Wychwood Festival: Day 2 Roundup

By on Monday, 13th June 2011 at 2:00 pm
 

After the blazing sun of the first day, Wychwood wakes up to grey skies and blustering winds. This, however, doesn’t alter the festival atmosphere as thousands of revellers are roaming the site looking for something decent for breakfast. Once the distress at paying an hour’s wages on a burger has subsided, it’s time to find some more great music.

Opening the Main Stage are the hotly-tipped My First Tooth. Their current release, ‘Territories’, has seen rave reviews from the likes of the Fly and The 405. Their style of indie-folk, influenced by the likes of Eels and the Decemberists, captivates the small crowd at the Main Stage. Perhaps a higher place on the bill next year?

Over on the BBC Introducing stage are one of Oxford’s finest exports: The Black Hats. Bringing their new wave tones to an ever-filling tent, the dancing is underway. Although, it should be. However, the tent been filled with tables and chairs since yesterday, which hinders the atmosphere of the tent and the capacity. Despite this, the post-punk trio give Wychwood a taste of their talent with tracks ‘We Write Things Down’ and ‘Just Fall’ lifting the spirits of the windswept masses.

Another treat for the BBC Introducing crowd are another Oxfordshire troupe, Alphabet Backwards. With hints of the Postal Service and Tilly and the Wall in their music, the synthpop quintet entice Wychwood into a dancing frenzy! Having recently released a new EP entitled ‘The White Russian’, Alphabet Backwards have definitely made some new fans here today. Ending on the ever-so-pop ‘Elton John’, the band dance about on stage a la an OK Go video to the sound of a synthline so bouncy you could turn it into a powerball.

Keeping the BBC Introducing tent alive and kicking are the Cardiff two-toners the Method. With hundreds of people either inside the marquee or gathered outside (due to the chairs creating a blockage), the Method have amassed quite a following in their few years together. Recently signed to See Monkey Do Monkey records, the band are headlining AFF Festival in Belgium in August so this could be the last time they’re seen on a small stage. Keeping the garage rock momentum going throughout the band’s short set, ‘We Don’t Know’ proved the favourite amongst the Wychwood audience.

Over on the Main Stage is the legendary Robyn Hitchcock. Having started his recording career in the late ’70s with New Wavers the Soft Boys, Hitchcock has gone on to become one of the most eccentric performers in the UK. Not necessarily on a physical level, but his crowd banter is surreal to say the least. Playing the entirety of Captain Beefheart‘s ‘Clear Spot’  with his Imaginary Band, Hitchcock has gathered the older crowd who can still remember the album’s initial release. With his odd ramblings about tiny snails living inside people and each song played fantastically, Hitchcock did Beefheart proud.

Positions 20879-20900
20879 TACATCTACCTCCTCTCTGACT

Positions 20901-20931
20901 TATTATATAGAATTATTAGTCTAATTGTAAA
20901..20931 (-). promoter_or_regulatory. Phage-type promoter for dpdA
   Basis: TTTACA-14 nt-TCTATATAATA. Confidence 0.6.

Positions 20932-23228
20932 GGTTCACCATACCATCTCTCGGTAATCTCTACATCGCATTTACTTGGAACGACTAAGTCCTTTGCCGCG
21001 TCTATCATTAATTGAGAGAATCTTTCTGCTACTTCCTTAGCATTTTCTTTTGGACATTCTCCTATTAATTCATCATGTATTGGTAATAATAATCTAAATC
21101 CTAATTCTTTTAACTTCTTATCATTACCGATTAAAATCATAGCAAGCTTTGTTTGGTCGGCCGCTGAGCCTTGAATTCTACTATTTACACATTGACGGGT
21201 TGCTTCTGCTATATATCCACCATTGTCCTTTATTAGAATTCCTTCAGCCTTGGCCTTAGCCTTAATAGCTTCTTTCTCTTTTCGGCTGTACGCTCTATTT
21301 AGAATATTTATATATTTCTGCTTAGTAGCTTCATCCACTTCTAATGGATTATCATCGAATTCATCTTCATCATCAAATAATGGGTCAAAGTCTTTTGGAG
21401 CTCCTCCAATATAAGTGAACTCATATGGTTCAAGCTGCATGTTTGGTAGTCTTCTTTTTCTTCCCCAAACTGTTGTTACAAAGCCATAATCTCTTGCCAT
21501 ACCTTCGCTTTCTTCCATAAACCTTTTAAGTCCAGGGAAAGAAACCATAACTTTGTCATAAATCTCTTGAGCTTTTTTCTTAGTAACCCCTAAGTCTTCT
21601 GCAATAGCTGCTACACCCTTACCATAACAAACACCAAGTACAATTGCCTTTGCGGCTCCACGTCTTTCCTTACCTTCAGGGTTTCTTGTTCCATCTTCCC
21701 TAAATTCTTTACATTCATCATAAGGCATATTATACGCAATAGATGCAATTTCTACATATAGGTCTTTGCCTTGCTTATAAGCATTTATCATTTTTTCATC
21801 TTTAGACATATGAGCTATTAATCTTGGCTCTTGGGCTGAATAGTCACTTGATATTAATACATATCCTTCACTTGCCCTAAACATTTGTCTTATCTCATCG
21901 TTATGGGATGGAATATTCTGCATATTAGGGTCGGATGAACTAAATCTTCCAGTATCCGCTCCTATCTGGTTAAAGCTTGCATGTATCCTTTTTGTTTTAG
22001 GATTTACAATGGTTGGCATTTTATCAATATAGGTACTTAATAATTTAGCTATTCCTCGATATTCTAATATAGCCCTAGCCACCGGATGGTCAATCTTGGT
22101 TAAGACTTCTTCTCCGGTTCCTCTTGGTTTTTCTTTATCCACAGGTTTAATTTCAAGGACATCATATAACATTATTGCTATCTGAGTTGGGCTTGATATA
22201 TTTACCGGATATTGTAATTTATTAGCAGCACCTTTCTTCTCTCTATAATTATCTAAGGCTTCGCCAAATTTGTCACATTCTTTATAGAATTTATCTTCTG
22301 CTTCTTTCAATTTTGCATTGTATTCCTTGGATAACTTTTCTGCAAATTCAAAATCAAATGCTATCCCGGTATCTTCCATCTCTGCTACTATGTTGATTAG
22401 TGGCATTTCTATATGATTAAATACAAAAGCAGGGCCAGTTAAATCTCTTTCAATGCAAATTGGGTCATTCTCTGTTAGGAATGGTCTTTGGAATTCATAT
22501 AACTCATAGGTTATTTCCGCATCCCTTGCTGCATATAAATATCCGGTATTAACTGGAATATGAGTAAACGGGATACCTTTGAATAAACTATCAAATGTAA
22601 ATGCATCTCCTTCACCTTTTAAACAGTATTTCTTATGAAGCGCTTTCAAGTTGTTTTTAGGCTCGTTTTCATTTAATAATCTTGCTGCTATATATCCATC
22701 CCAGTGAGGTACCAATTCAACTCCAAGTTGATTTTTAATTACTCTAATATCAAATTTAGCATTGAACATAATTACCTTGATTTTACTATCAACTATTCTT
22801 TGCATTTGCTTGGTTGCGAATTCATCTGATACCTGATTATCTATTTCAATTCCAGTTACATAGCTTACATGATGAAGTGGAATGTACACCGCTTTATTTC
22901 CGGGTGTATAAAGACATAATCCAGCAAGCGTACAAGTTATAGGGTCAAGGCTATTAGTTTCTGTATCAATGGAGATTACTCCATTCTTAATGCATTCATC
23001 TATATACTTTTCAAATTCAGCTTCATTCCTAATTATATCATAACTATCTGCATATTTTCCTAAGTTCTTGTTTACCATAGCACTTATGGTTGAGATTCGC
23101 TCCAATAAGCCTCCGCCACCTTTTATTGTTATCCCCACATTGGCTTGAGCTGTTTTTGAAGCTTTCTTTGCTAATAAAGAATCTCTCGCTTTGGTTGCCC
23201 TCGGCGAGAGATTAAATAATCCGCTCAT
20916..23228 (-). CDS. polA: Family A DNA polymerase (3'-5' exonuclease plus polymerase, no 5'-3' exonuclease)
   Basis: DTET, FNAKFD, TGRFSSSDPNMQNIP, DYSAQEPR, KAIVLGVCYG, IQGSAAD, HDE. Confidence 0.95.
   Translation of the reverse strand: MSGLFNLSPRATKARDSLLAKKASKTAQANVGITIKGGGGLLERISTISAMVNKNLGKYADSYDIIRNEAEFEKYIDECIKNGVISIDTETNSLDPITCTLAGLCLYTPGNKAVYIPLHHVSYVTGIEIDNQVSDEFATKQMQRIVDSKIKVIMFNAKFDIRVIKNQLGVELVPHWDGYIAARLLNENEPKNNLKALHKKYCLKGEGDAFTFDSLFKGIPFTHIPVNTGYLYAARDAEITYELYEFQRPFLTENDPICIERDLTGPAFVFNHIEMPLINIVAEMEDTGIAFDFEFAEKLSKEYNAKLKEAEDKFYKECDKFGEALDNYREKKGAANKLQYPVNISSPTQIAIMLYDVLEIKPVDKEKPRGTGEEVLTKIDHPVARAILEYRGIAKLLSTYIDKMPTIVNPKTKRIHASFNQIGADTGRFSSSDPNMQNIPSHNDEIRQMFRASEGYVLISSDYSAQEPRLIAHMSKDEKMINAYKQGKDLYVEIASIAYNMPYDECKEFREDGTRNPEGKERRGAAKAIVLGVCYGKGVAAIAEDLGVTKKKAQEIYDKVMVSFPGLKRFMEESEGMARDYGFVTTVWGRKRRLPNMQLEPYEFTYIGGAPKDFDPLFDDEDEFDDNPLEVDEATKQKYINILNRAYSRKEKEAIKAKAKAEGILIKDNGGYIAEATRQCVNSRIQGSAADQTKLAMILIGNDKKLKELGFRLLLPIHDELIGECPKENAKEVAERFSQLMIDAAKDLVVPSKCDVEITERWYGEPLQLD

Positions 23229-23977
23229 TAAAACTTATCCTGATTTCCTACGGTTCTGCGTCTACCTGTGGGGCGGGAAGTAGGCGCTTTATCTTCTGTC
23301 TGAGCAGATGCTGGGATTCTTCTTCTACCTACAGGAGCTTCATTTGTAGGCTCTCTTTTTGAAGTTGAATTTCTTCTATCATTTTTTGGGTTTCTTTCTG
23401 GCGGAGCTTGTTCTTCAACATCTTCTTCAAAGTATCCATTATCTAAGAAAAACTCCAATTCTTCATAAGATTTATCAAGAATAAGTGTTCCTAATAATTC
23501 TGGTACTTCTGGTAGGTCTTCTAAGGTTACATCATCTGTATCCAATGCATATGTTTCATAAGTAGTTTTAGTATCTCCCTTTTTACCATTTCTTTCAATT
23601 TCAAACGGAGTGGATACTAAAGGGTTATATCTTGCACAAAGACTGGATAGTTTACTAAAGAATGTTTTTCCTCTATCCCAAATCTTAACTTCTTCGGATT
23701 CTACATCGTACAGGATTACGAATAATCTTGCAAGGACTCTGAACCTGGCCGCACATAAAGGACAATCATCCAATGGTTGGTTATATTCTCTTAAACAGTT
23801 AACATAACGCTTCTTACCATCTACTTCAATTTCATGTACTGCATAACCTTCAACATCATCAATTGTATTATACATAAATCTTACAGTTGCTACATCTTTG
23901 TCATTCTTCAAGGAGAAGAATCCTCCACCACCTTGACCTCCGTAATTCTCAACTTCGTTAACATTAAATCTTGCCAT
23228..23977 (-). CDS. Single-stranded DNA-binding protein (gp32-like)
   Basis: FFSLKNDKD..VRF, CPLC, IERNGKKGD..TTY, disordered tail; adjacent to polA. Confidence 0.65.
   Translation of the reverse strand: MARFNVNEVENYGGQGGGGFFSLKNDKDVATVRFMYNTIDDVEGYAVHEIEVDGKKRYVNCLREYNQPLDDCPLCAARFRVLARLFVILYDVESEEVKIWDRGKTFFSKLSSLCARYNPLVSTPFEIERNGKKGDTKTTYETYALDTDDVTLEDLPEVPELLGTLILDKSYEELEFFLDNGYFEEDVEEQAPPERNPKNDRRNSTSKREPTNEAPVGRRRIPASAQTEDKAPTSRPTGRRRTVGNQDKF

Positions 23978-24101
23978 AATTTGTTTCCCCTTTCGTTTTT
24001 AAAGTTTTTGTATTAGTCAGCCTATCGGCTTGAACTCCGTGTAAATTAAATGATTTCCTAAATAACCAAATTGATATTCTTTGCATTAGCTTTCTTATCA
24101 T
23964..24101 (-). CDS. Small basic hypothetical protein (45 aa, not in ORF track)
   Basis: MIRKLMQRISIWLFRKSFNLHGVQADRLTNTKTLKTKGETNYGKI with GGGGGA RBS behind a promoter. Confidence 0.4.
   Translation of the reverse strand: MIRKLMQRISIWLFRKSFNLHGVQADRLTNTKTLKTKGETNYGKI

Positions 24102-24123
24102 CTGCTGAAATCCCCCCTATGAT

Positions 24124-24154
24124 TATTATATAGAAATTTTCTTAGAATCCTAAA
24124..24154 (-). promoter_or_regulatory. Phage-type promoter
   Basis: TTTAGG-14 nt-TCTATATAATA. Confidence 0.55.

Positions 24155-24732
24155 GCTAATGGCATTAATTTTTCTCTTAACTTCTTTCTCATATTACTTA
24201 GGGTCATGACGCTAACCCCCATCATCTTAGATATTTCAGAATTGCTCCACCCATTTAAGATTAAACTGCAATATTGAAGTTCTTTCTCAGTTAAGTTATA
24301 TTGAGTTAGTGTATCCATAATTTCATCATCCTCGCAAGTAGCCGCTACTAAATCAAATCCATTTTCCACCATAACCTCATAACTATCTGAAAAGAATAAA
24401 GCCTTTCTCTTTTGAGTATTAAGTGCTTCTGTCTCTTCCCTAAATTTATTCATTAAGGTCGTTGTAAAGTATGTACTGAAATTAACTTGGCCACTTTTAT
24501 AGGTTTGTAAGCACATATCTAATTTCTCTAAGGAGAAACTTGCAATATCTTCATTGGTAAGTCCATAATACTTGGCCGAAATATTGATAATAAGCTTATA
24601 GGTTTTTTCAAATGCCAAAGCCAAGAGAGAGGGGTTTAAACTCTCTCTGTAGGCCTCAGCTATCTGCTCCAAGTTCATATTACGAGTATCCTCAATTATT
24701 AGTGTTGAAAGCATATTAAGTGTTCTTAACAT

Another big name from the ’70s is the singer from the SpecialsNeville Staple. Playing a raucous set of ska and two-tone hits including ‘Monkey Man’ by Toots and the Maytals and a number of hits from the Specials including ‘A Message To You, Rudy’ and ‘Too Much Too Young’. Staple’s set of reggae and ska dancehall tunes created the biggest dance-along on the entire festival; hopefully he’ll be back next year.

The dancing is kept to a minimum for the next act, though. The Bluetones (pictured above) deliver a somewhat stagnant Britpop set, despite having a repertoire of 10 albums to choose from. Although the band are not receiving the greatest ovation, frontman Mark Morriss is met with boos and jeers after announcing the band are to split in September after a farewell tour. The band’s breakthrough track ‘Slight Return’ gives the crowd an excuse to get out of their camping chairs to have a dance, but on the whole it’s not the band’s best performance.

Back at the BBC Introducing stage are tonight’s headliners Dub Mafia. Playing their third show in the past 24 hours, the drum and bass mob are destroying the tent with their dirty bass and dubstep rhythms. Powering their way through an hour long set including ‘Dub Specialists’ and ‘Under The Radar’, Wychwood is left shaken from the wobble bass and filthy drops. Frontwoman Eva Lazarus is the focal point of the entire crew, with her energetic dance moves and MC skills comparable to Warrior Queen, the band quickly amass the biggest crowd of the day at the BBC Introducing stage – the chairs and tables have even been pushed back to accommodate the all the dubsteppers. Heading out on a run of festivals this summer including Glastonbury and Europe’s biggest drum and bass music festival Outlook in Croatia, these bringers of bass are going to explode in the UK next year.

With another day of varied music under its belt, the Wychwood crowd head back to their tents for a Saturday night of drinks, dancing and deafness after Dub Mafia’s frantic set. A highlight of the weekend for all involved.

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